Jul 02, 2015 Britany rated it it was amazing
This book is amazing! It was a great narrative about a horrible event. There are passages that are still with me. I have lived in Oklahoma my entire life and knew nothing of this. Because of this book I will be educating everyone I know until I die.
Tracy Clay Peralta
Aug 07, 2012 Tracy Clay Peralta rated it it was amazing
Every Oklahoman should read this book to uncover one of our state's most tragic events, in order to appreciate the great strides we have made since the 1921 Race Riot.
Oct 09, 2007 Jim rated it it was ok
This account of the Tulsa riot was interesting, but I didn't think it was all that well written. It seemed too cobbled together. Would definitely make a good movie.
Jan 16, 2015 Tricia rated it it was amazing
Intense book about the race riots of Tulsa, OK and the lasting impact. Should be a must read in an U.S. History class.
Connie Adams
Jun 29, 2009 Connie Adams rated it really liked it
Very interesting and a little spooky for someone who lives in Tulsa.
Dena Norman
I have found few books on this topic and have read just this one, so I'm unable to compare it to others. It was good, not great. There were times when I thought the redundancy of certain facts or phrases did less for the story than Madigan intended. Too dramatic at some points; not dramatic enough at others. I would recommend it, though, if one is able to discern between where emotion plays out naturally and where emotion is being forced upon the reader.

I'm a Floridian living in Oklahoma, so re
Vaishali Joglekar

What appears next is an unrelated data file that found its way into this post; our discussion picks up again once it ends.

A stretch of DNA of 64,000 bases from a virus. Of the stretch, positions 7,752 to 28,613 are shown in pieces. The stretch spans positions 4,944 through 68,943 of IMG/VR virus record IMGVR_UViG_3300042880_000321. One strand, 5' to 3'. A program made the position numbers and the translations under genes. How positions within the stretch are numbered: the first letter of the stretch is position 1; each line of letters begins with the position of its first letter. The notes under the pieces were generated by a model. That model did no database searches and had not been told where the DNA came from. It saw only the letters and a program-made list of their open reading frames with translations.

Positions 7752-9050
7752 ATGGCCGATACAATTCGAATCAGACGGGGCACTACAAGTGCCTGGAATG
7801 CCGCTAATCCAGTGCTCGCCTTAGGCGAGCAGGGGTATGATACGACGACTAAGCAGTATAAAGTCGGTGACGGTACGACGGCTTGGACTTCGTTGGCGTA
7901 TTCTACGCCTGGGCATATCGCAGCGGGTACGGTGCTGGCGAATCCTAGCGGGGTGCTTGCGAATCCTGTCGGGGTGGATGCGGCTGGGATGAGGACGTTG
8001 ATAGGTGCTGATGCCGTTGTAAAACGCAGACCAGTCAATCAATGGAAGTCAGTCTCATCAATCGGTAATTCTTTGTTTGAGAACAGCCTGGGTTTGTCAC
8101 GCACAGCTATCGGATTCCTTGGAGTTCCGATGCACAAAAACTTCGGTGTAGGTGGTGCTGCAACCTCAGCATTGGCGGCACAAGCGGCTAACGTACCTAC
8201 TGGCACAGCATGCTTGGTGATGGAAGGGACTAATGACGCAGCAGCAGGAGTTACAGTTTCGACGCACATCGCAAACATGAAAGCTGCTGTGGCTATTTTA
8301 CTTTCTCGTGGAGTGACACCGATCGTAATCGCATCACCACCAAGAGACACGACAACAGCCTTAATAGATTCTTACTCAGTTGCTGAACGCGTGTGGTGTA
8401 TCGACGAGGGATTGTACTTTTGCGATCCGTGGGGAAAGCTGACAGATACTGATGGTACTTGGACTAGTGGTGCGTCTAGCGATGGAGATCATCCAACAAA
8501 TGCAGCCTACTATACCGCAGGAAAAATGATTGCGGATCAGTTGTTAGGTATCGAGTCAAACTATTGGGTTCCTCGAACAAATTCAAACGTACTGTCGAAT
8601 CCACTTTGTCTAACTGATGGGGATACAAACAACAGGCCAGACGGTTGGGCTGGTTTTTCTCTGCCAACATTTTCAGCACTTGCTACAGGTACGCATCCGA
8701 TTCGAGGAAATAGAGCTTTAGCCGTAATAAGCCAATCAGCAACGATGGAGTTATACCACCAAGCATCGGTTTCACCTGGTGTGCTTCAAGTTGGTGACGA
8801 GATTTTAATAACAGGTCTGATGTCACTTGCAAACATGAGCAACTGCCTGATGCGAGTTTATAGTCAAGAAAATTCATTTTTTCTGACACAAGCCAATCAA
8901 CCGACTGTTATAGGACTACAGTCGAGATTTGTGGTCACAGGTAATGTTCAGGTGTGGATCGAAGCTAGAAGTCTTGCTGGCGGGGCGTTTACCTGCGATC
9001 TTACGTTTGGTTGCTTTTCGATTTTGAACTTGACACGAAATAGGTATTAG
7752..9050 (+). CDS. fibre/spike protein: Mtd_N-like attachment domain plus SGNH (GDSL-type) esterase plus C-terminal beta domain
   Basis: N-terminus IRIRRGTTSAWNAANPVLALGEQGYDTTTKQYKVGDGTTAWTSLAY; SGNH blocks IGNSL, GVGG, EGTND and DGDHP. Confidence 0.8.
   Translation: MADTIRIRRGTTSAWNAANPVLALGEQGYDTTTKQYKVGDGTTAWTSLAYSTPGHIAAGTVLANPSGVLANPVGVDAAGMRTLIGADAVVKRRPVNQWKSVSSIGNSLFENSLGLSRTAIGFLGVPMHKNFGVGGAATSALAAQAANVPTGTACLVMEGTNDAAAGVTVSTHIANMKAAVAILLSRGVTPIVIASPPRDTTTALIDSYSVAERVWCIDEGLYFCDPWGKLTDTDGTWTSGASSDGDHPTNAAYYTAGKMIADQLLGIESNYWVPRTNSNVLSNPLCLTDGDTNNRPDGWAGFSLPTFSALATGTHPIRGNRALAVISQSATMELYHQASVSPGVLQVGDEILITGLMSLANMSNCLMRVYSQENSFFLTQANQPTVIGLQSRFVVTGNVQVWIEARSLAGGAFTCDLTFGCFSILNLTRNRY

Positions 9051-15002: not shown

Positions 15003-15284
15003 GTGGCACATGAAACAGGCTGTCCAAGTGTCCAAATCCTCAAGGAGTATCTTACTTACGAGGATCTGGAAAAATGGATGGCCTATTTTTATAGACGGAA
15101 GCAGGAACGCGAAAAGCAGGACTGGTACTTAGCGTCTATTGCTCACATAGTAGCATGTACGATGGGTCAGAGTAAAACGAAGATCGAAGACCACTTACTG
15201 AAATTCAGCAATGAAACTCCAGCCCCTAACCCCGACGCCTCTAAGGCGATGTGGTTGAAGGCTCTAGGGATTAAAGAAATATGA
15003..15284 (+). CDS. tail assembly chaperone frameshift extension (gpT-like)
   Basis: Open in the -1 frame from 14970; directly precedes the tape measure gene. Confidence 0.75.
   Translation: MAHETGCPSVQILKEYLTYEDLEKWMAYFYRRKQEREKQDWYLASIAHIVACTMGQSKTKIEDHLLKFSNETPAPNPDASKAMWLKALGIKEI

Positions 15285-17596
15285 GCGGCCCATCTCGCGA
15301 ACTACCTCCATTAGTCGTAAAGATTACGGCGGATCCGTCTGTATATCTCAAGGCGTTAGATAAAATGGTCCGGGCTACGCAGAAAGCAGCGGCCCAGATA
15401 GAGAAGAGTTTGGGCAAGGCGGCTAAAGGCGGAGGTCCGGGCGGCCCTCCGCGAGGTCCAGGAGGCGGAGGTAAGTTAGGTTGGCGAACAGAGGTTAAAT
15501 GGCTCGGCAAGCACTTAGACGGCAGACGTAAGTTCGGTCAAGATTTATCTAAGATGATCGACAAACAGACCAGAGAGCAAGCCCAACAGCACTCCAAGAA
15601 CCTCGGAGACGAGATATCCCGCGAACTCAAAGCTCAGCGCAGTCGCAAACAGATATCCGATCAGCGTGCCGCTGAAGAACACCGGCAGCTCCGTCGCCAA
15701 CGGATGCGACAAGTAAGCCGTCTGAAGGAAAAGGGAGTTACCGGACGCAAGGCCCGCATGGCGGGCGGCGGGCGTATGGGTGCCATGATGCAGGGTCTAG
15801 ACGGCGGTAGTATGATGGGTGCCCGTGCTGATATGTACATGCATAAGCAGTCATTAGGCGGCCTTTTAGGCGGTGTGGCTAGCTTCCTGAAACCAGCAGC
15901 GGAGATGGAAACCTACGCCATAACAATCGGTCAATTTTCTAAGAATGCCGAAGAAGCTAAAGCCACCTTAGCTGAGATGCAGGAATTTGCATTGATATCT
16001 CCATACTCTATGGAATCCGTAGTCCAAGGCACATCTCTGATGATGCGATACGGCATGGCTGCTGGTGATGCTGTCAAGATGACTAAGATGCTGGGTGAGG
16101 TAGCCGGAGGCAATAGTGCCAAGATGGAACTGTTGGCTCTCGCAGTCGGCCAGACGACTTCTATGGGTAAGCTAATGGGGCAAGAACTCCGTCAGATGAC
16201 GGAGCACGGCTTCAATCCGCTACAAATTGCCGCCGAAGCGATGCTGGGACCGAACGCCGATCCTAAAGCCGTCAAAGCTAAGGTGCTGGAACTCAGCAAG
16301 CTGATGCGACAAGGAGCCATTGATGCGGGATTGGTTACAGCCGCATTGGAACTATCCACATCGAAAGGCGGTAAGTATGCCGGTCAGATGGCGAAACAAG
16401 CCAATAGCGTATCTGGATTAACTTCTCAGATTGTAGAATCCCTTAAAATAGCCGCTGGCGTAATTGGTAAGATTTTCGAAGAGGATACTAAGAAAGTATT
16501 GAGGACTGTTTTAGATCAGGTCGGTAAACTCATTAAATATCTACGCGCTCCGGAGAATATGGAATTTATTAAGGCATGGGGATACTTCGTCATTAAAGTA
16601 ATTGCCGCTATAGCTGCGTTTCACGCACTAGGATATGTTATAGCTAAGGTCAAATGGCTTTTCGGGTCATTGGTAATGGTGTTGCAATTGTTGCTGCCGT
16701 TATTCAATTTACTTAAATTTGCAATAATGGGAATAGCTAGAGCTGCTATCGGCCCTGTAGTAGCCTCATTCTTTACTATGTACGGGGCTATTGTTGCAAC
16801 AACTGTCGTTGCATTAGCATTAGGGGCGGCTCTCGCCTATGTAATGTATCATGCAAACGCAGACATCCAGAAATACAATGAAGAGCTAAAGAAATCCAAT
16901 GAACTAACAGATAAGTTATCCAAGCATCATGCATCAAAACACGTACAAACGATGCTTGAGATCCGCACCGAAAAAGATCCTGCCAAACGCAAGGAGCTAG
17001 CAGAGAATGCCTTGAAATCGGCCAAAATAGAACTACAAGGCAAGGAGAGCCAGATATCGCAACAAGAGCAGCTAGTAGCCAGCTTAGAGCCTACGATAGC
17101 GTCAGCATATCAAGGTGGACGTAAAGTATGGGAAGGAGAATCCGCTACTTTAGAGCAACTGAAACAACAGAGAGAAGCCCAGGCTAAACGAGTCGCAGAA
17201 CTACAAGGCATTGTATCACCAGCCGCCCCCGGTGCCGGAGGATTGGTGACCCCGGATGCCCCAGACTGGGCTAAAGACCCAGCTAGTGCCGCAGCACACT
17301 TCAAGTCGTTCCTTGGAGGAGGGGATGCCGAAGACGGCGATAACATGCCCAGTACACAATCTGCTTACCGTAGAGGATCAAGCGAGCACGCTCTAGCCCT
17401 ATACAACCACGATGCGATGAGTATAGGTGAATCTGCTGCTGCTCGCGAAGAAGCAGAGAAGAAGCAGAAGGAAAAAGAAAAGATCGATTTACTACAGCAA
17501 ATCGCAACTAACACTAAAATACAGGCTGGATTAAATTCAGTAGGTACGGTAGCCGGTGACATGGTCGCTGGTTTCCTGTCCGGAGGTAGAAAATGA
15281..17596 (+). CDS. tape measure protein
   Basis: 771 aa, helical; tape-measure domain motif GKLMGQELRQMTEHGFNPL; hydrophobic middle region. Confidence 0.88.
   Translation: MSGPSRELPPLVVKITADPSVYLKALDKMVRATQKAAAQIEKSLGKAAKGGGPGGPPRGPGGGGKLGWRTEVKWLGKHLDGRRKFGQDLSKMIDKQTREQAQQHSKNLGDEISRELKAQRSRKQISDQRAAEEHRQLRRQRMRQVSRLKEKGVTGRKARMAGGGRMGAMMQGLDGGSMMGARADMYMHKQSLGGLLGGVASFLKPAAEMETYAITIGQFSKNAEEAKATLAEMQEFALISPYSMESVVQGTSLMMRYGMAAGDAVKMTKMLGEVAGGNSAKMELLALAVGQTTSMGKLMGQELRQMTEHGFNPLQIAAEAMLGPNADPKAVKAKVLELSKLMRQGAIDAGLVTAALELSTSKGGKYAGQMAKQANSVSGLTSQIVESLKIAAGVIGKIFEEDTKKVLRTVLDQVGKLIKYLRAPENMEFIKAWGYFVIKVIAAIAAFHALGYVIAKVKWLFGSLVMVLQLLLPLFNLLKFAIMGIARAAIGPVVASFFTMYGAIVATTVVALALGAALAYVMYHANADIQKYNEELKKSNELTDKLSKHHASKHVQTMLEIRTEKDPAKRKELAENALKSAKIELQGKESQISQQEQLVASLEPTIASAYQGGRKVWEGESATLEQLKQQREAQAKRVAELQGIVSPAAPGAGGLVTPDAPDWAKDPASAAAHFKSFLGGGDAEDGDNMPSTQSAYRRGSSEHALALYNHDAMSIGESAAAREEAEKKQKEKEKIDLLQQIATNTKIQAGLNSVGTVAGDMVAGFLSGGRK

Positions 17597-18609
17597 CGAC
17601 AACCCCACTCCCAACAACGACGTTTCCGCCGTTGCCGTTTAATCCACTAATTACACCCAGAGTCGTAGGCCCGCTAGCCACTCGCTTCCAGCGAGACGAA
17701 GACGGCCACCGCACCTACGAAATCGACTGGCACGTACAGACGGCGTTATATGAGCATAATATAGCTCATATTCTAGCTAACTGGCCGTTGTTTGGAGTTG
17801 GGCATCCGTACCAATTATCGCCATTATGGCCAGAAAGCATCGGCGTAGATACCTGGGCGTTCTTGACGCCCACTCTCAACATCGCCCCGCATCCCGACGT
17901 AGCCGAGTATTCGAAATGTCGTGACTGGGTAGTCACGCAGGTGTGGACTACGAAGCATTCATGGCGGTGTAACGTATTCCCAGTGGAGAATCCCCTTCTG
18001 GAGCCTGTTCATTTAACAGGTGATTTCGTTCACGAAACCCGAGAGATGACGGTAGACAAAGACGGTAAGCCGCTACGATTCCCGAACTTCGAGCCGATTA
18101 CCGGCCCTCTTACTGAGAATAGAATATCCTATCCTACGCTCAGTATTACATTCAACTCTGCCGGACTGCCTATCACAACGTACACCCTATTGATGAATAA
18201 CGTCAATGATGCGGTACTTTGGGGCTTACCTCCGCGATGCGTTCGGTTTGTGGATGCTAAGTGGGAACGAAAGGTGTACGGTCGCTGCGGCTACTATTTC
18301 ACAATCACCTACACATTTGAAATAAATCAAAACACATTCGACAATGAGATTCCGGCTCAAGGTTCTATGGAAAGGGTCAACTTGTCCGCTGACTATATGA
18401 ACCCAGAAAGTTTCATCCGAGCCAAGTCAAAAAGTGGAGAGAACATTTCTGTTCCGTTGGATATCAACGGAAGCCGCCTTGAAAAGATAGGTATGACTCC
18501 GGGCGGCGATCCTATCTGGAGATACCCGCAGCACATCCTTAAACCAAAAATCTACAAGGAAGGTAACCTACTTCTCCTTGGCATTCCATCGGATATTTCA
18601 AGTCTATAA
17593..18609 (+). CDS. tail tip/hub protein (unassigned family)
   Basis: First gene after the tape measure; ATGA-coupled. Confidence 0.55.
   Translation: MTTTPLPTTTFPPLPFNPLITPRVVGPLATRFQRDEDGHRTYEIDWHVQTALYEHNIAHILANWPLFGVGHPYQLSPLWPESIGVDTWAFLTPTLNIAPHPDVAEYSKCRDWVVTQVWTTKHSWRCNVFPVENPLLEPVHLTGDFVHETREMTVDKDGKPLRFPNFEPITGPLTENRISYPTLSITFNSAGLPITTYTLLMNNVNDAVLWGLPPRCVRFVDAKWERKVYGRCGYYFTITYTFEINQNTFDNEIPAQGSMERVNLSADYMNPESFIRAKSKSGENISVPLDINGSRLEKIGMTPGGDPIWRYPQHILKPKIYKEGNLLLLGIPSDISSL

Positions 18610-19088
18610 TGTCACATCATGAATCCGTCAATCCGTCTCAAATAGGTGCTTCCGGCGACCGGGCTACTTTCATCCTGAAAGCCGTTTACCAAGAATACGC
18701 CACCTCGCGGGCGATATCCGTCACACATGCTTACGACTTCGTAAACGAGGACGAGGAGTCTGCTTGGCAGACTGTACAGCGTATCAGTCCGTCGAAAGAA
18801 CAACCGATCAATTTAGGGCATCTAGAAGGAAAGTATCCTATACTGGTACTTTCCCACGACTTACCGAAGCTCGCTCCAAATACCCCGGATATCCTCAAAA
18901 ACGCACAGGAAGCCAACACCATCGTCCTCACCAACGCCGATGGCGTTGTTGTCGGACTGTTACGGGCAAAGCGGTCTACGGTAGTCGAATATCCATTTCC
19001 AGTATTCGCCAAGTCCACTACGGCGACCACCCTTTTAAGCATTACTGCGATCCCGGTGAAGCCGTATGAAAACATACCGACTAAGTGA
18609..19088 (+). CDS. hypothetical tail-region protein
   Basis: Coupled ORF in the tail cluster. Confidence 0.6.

Feb 15, 2016 Vaishali Joglekar rated it really liked it
Shelves: american-history
Of the 5 books I've read about this little known event in American history, this is probably the most enjoyable read... though you're still left guessing where a story ends and a fact begins.

Written like the narrative of a novel, I was at first thrown off because I'm expecting data: names and numbers. But as the chapters progress, Madigan's story-telling style somehow works. The most chilling part of the book is the ending "Chapter Notes" section, in which Madigan describes how he obtained many
Jun 06, 2013 Emily rated it it was amazing
This is a fantastic book about an area of history I know far too little about: so-called "race riots" of the late 19th and early 20th century in the US. I say "so-called race riots" because what is generally implied by the term "race riots" is that people of color rioted, causing a violent response by the white majority. In this case, however (and very possibly in many others), it was white aggression every step of the way. White men wanted a lynching. White men entered the black part of town an ...more
Jan 17, 2016 Fishface rated it it was ok
This one was just OK, not spectacular. Because the author (admittedly) knew absolutely nothing about African-American history before setting out to write this story, he filled up the first 25% of the book belaboring the well-known details of the creation of the Jim Crow laws, the birth of the KKK and the lensing of BIRTH OF A NATION before getting to the main subject. By that time I was sort of worn out and the riot barely held my attention.